For the very first time, researchers were able to see what lies above 300 meters (1,000 feet) on the surface of the moon. Their findings bring to light billions of years of lunar history that were previously unknown. But all the credit should go to China’s rover, which was able to map 1,000 feet of hidden structures deep within the shadowed side of the moon.
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The Chinese spacecraft Chang’e-4 has provided researchers with an unprecedented level of granularity with which to examine the layer cake of features that makes up the top 1,000 feet (300 meters) of the lunar surface. A massive impact on the moon’s surface caused the formation of a crater that was hidden beneath that feature.
It was suggested by Jianqing Feng, the principal author of the study and an astrogeological researcher at the Planetary Science Institute in Tucson, Arizona, along with his colleagues, that the rubble that surrounded this formation was ejecta, or debris from the impact. The researchers dug further and found five distinct coverings of lunar lava that spread across the surface of the moon billions of years ago.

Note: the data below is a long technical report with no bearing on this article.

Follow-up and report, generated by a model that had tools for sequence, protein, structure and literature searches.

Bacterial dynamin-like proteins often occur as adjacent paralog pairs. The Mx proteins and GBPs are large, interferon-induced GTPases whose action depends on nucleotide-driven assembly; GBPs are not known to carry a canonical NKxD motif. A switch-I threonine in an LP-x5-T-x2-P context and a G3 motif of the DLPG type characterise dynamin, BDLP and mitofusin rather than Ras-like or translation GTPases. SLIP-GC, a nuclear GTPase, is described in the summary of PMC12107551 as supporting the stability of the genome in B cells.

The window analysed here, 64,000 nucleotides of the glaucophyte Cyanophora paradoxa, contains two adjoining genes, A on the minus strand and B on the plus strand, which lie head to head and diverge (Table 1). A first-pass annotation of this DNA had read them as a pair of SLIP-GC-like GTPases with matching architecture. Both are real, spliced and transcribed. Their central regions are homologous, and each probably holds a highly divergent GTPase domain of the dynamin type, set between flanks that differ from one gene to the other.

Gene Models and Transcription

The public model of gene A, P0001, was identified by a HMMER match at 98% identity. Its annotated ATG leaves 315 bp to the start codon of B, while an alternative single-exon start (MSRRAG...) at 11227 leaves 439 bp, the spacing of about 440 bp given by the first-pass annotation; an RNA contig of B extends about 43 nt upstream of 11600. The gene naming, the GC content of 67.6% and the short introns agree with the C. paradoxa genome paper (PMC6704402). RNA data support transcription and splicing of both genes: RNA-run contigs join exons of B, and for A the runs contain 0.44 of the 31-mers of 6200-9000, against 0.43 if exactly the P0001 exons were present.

In addition, Feng and his coworkers discovered that the thickness of the strata of volcanic rock decreased depending on how close they were to the surface of the moon.
[The moon] was slowly cooling down and running out of steam in its later volcanic stage; Its energy became weak over time, explained Feng.
Although scientists have found signs of fresher volcanic activity on the moon that occurred as recently as 100 million years ago, it is believed that volcanic activity on the moon died out around 1 billion years ago.
The Chang’e-4 rover has not yet completed its mission on the moon. Feng has high expectations that in the years to come, the vessel would provide us with insight into other geological formations that we were not expecting.